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15 June 2017Americas

Federal Circuit affirms PTAB decision on Purdue painkiller patents

The US Court of Appeals for the Federal Circuit has affirmed a decision by the Patent Trial and Appeal Board (PTAB) which found that two patent applications by Purdue Pharma were unpatentable.

In a  decision handed down on Tuesday, June 13, the court backed the PTAB’s finding that the applications lacked written description, and were unpatentable under 35 USC, section 112.

Purdue’s applications, US numbers 13/833,263 and 14/094,968, are directed to controlled-release oral formulations of hydrocodone, a drug used to treat pain.

The PTAB had granted Delaware-based Recro Technology’s motion for judgment that Purdue’s claims lacked written description.

In addition to challenging Purdue’s applications, Recro Technology itself filed an application including claims directed to oral formulations of hydrocodone. But after a challenge from Purdue, the PTAB also found this application to be lacking written description.

According to the board, the specifications in Purdue’s applications do not describe “separate particles of inert beads coated with the each different formulation together in one dosage form”.

Purdue’s specifications explain that, generally, “controlled (slow) release formulations ... provide a longer period of pharmacological action after administration than is ordinarily obtained after administration of immediate-release dosage forms”.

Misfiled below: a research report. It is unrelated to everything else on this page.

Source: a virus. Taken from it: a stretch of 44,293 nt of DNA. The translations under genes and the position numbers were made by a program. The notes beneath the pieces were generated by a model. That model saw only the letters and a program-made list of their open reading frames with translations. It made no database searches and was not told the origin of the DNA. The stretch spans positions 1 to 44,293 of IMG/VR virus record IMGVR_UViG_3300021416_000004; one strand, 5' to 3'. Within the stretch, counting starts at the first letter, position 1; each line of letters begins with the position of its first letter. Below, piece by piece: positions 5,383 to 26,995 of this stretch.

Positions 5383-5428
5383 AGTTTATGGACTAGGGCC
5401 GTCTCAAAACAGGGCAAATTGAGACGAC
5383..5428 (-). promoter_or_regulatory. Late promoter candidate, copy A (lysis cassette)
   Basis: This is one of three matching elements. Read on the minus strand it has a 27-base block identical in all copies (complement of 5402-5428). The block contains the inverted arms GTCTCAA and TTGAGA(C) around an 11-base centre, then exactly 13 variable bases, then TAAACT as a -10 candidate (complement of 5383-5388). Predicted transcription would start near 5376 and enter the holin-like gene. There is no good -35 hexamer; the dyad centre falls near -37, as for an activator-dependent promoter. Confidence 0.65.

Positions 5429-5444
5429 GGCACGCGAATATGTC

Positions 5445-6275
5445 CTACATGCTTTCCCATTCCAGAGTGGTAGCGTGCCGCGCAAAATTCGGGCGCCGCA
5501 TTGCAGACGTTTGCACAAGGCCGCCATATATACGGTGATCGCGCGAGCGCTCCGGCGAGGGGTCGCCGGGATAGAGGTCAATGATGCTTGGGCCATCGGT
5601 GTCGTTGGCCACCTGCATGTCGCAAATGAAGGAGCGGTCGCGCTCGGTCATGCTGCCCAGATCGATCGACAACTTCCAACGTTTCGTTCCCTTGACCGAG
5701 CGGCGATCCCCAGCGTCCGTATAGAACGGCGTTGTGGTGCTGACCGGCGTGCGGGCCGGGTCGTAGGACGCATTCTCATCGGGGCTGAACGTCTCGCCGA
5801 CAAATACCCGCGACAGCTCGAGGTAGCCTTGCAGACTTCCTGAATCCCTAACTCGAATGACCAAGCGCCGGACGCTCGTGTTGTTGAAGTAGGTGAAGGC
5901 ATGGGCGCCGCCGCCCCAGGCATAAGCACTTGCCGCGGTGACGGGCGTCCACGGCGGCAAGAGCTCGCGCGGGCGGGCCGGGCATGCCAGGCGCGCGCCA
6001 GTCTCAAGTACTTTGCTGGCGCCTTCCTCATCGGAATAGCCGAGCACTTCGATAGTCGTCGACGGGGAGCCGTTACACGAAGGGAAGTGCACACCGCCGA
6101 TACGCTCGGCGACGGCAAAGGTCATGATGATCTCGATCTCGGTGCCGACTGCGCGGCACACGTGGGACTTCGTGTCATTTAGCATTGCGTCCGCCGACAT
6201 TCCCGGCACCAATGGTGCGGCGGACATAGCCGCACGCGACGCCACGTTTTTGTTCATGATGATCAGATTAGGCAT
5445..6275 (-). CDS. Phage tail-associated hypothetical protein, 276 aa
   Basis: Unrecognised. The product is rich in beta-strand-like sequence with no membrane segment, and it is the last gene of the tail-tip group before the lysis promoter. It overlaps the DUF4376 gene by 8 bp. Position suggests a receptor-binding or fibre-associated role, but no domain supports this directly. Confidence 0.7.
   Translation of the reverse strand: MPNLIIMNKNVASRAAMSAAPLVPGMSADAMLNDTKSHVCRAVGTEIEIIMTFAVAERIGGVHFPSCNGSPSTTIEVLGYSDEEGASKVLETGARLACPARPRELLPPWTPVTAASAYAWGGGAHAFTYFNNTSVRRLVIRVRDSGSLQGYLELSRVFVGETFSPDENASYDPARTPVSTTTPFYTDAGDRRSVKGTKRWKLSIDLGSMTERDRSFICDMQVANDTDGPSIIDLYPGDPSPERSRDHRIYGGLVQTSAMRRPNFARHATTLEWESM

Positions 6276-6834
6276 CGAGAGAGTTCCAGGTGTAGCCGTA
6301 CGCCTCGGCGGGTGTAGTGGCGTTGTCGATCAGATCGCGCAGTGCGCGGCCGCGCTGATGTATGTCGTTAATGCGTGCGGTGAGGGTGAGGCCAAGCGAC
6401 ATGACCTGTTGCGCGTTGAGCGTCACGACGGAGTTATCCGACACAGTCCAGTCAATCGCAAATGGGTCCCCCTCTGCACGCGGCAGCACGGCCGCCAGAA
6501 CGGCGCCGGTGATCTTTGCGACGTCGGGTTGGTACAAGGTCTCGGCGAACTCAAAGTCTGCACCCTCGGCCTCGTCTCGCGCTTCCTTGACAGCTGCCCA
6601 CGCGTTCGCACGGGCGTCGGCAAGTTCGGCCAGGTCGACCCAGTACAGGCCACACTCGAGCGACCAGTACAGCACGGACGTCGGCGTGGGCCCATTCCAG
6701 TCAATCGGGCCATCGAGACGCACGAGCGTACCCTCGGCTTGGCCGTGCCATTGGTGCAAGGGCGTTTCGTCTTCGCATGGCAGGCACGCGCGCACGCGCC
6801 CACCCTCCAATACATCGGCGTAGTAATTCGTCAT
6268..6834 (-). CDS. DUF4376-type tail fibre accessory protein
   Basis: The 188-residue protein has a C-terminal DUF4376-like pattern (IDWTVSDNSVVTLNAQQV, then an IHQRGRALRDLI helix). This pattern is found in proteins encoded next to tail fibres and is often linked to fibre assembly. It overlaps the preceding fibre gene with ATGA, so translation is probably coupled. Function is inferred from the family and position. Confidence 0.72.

Each of the claimed dosage forms included two types of multiparticulates: controlled release (CR) and immediate release (IR).

The CR and IR multiparticulates each comprise inert beads coated with hydrocodone.

“The issue here is whether the specifications adequately disclose the claimed separate populations of IR and CR multiparticulates, which each comprise inert beads coated with hydrocodone, combined in a single dosage form,” said  Circuit Judge Timothy Dyk, on behalf of the court.

Both parties had submitted expert testimony on this issue, and the board found that the claimed formulation wasn’t disclosed.

“Although the written description generally discloses that a single dosage form may include both IR and CR hydrocodone components, it does not disclose a formulation wherein the IR and CR components exist as separate multiparticulates each containing an inert bead core,” said Dyk.

The Federal Circuit affirmed the PTAB’s determination that claims 1, 6, 9, 10, 12–15, 23–26, 32, 39, 41–46, and 53–55 of the ‘968 application, and claims 63–67 and 70–71 of the ‘263 application are unpatentable for lack of written description under section 112.

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